This whole poem leads up to the beginning of the Revolutionary War. The main part of "Paul Revere's Ride" isn't focused on violence and war, but images of battle and struggle and fighting are everywhere. We can feel the war hanging over the poem, filling it with excitement and tension but also sadness.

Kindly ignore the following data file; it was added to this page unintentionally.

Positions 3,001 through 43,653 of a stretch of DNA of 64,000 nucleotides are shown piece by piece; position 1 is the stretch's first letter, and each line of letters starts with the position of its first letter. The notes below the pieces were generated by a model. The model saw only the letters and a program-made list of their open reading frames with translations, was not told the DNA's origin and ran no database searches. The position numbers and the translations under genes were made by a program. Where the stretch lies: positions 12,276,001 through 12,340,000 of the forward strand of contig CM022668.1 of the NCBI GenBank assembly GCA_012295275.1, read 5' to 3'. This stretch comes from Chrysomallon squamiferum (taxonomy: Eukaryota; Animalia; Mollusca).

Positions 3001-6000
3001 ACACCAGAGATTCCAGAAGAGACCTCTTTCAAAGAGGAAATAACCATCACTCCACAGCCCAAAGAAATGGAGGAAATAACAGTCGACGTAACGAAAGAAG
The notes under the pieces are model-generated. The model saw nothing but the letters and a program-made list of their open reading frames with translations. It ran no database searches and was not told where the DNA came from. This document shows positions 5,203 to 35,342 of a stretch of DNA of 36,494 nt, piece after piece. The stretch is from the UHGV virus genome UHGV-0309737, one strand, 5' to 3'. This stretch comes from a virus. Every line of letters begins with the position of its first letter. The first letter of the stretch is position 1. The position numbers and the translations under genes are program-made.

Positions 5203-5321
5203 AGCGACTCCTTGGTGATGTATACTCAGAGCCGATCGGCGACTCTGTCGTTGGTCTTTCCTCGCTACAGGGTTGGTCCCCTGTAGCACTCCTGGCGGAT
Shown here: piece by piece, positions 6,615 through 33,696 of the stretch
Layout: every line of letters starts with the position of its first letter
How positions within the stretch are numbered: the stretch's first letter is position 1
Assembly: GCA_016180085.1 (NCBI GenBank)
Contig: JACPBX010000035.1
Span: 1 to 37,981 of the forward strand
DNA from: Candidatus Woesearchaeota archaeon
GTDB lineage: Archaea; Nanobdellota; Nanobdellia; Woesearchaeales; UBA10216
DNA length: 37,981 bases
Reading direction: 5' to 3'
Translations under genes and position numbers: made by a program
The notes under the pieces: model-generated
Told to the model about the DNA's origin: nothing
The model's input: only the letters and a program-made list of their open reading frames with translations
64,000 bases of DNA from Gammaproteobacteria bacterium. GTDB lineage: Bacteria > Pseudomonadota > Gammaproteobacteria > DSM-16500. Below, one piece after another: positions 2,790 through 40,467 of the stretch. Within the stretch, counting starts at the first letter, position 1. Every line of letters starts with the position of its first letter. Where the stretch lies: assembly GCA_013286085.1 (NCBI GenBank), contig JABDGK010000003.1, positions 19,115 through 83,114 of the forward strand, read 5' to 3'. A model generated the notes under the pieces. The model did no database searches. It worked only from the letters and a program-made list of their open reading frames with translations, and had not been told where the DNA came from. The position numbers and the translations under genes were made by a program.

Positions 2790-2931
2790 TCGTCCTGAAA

To give the sense of danger and excitement that makes the poem so dramatic, Longfellow makes the British soldiers more like an evil force than real people.
Although the poem is about the glory of the revolutionary spirit, Longfellow's descriptions of violence are meant to communicate the horror and sadness of war.